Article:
The role of public opinion in Rousseau's conception of property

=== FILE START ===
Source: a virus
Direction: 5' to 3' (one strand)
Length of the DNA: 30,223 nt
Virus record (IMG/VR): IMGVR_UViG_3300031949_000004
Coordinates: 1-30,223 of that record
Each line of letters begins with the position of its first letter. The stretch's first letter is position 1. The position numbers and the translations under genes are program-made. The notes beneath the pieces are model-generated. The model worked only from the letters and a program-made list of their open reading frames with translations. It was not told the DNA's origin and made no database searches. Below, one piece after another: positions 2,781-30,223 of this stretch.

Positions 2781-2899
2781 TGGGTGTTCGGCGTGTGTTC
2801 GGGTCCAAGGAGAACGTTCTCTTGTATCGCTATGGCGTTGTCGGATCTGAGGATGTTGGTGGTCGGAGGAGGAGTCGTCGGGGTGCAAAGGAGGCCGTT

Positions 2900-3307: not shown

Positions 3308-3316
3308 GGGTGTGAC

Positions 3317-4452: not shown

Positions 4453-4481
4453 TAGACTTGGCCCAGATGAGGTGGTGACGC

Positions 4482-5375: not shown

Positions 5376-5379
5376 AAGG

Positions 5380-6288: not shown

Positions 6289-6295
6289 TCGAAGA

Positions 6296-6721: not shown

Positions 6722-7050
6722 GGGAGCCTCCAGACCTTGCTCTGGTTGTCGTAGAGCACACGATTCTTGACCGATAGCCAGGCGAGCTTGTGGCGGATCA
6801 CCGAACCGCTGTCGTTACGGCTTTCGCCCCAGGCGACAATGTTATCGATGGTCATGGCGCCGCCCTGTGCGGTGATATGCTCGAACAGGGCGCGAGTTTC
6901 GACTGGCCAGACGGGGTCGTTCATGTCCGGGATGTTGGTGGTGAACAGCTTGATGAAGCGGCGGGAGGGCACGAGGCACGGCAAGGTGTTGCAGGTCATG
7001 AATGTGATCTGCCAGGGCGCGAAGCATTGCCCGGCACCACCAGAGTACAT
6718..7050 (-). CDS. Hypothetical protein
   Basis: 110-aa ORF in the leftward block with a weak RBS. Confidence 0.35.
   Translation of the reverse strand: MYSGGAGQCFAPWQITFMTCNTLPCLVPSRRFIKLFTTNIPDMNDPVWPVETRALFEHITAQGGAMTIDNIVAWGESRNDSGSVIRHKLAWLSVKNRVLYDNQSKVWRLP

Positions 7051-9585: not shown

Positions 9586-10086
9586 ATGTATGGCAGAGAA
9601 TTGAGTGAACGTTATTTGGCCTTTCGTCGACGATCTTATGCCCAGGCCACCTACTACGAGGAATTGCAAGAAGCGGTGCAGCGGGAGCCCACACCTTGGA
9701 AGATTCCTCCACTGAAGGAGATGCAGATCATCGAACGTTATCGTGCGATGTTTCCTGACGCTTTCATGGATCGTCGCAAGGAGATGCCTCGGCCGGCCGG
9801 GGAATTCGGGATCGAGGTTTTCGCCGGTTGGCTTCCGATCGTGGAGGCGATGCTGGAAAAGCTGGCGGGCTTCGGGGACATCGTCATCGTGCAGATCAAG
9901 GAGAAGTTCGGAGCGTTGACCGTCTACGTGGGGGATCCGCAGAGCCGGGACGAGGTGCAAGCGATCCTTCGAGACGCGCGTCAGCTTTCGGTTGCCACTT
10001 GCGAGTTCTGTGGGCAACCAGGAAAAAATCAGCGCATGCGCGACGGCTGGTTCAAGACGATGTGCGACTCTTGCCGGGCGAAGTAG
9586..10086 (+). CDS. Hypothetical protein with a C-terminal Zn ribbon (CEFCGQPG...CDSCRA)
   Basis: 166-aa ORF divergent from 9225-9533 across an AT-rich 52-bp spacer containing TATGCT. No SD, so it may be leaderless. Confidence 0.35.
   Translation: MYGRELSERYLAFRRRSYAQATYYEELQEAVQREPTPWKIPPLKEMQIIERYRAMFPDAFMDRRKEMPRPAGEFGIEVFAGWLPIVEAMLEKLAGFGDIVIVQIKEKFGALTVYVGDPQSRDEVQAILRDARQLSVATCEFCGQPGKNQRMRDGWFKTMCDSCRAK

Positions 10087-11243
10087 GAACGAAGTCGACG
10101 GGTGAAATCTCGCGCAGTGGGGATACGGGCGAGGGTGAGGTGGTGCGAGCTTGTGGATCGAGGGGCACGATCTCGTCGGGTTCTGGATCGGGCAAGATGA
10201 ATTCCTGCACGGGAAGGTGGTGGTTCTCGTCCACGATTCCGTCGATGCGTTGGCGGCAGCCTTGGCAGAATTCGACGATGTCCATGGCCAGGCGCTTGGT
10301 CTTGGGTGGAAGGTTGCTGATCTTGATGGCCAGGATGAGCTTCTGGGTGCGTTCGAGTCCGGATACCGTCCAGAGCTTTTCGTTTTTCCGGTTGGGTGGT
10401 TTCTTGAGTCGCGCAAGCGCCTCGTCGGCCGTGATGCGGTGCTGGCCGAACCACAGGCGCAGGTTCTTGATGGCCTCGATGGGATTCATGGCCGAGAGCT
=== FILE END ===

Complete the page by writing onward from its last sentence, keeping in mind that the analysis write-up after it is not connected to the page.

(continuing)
For many readers, Rousseau's views on property represent the most ambiguous and contradictory aspect of an already undeveloped economic theory. In this paper, I re-examine this popular criticism from the standpoint of the philosopher's well-known critique of public opinion to argue that property is a more consistent and systematically articulated concept in Rousseau's writings than may appear. I argue that opinion, rather than private property, poses the greatest danger to self-made law and that the narrowness and peculiarity of its political threat demonstrates Rousseau's restrictions against private wealth to be less comprehensive than many believe.
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